An elevated bowl would eliminate the need for your dog to combat gravity before it can get a refreshing drink. And, an elevated bowl would help your dog slow down while it drinks. The only drawback to this option is that your dog must have a long neck and legs that can suit the bowl’s elevated position.
3. Reduce the Quantity of Water in The Drinking Bowl
You could do this by getting a smaller slow eater bowl or, more simply, by pouring less water into the regular drinking bowl. Whichever method you choose, the goal is to get your dog to drink more slowly since the water present in the bowl is little.
However, if you wouldn’t be present with the dog for long hours, this option is not the best for you. This is because your dog could easily get dehydrated before you return to top the water in the bowl.
4. Place A Large Object in The Drinking Bowl
If you place a rock, golf ball, or baseball in the drinking water, the dog would have to slow down its drinking pace because of the obstruction provided by the object. Even if all of these are unavailable, placing a small bowl that would float within the drinking bowl could also perform the required function.
How to Know If Your Dog Is Drinking Too Much Water?
If you can observe and keep a record of your dog’s drinking habit, you can surely notice when the drinking pattern is going awol.
Place a fixed quantity of water in the drinking bowl daily, and pay attention to how much water is left in the bowl at the end of the day. Do this repeatedly over a while, and the result will be glaring.
In Normal Conditions, How Much Water Does A Dog Need?
Usually, the quantity of water needed by a dog could depend on some environmental factors, underlying health challenge, the degree of his dehydration, whether he is on medication, etc. But notwithstanding, most dogs need around 28grams of liquid for a pound of body weight daily.
Very agile dogs, nursing dogs, and newly born pups would need more than the regular 28grams. But if your dog is not within this group and drinks way more than this average volume, it might indicate an illness, for which case you would need to visit the vet.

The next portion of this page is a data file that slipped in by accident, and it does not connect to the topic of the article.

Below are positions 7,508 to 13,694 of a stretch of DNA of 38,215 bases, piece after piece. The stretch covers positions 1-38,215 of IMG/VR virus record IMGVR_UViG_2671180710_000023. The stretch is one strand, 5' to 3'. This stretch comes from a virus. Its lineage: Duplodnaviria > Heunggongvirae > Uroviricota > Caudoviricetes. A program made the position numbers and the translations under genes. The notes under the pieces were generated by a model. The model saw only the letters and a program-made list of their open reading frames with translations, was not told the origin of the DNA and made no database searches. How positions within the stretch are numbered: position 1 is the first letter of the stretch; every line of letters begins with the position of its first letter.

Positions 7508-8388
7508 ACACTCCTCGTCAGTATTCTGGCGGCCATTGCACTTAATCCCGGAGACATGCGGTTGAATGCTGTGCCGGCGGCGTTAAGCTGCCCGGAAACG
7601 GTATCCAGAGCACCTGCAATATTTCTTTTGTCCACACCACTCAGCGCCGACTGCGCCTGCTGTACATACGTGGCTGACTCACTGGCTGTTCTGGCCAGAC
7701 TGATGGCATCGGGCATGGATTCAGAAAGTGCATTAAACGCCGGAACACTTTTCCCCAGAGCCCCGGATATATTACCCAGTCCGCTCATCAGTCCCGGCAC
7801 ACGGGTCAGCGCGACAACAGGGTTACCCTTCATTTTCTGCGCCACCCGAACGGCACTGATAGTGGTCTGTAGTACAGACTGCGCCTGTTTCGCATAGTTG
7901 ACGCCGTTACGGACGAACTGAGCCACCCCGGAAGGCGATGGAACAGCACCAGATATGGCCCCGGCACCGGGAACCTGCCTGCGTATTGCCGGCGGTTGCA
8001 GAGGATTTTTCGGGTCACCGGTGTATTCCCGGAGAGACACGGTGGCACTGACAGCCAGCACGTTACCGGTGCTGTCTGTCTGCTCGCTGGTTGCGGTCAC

What Are the Dangers That Could Result When A Dog Drinks Too Much Water?
When your dog continually drinks too much water, any of the following conditions could result eventually
1. Hyperhydration or Toxemia
Hyperhydration gives some warning symptoms when your dog has had too much water, often from diving, swimming, garden hose bitting, water retrieving e.t.c
Some symptoms of water intoxication include;
- Glazed eyes
- Loss of coordination
- Loss of consciousness
- Breathing difficulties
- wobbly walking
- Excessive salivation
This means a reduction in sodium concentration within the body due to excessive dilution by water and consequent swelling of all the body cells and organs.
3.Brain damage and Death
Uncoordinated swelling of an organ like the brain, which is encased in bones, would eventually result in seizure, coma, and death.
It is not impossible, but it may not be easy to treat hyperhydration. Even after administering the depleted ions in some severe cases, the dog’s brain may never return to normal. Thus, it is best to prevent water intoxication or seek help immediately from a vet doctor.
Some ways in which you can prevent your dog from becoming hyper hydrated are;
- Keep a small bowl of water for your dog to drink from so that he wouldn’t attempt to drink from a garden hose.
- Watch over your dog even as he plays with water from a tap or hose.
- Do not leave your dog alone with running water. A bowl of drinking water should suffice.
- Reduce the amount of time your dog gets to spend playing with water.
- Take your pet to the vet regularly to ensure it doesn’t have any underlying illnesses like kidney malfunctions, which would reduce its ability to regulate the amount of body water.
What Dogs Are at Risk for Water Intoxication?
Dog’s like Newfoundlands, Labrador, and Retrievers who have been trained to spend much time in water tend to be less susceptible to hyperhydration., While lean dogs and young puppies are most susceptible to water intoxication.
While staying hydrated is great even for dogs, we have already discussed the harmful effects that may result when your dog consumes too much water or when he does so too quickly.
Now that you know all these, we can conclude that you are better armed to safeguard your pooch. But if anything we have mentioned here still feels alien to you, then feel free to place a call to your vet doctor.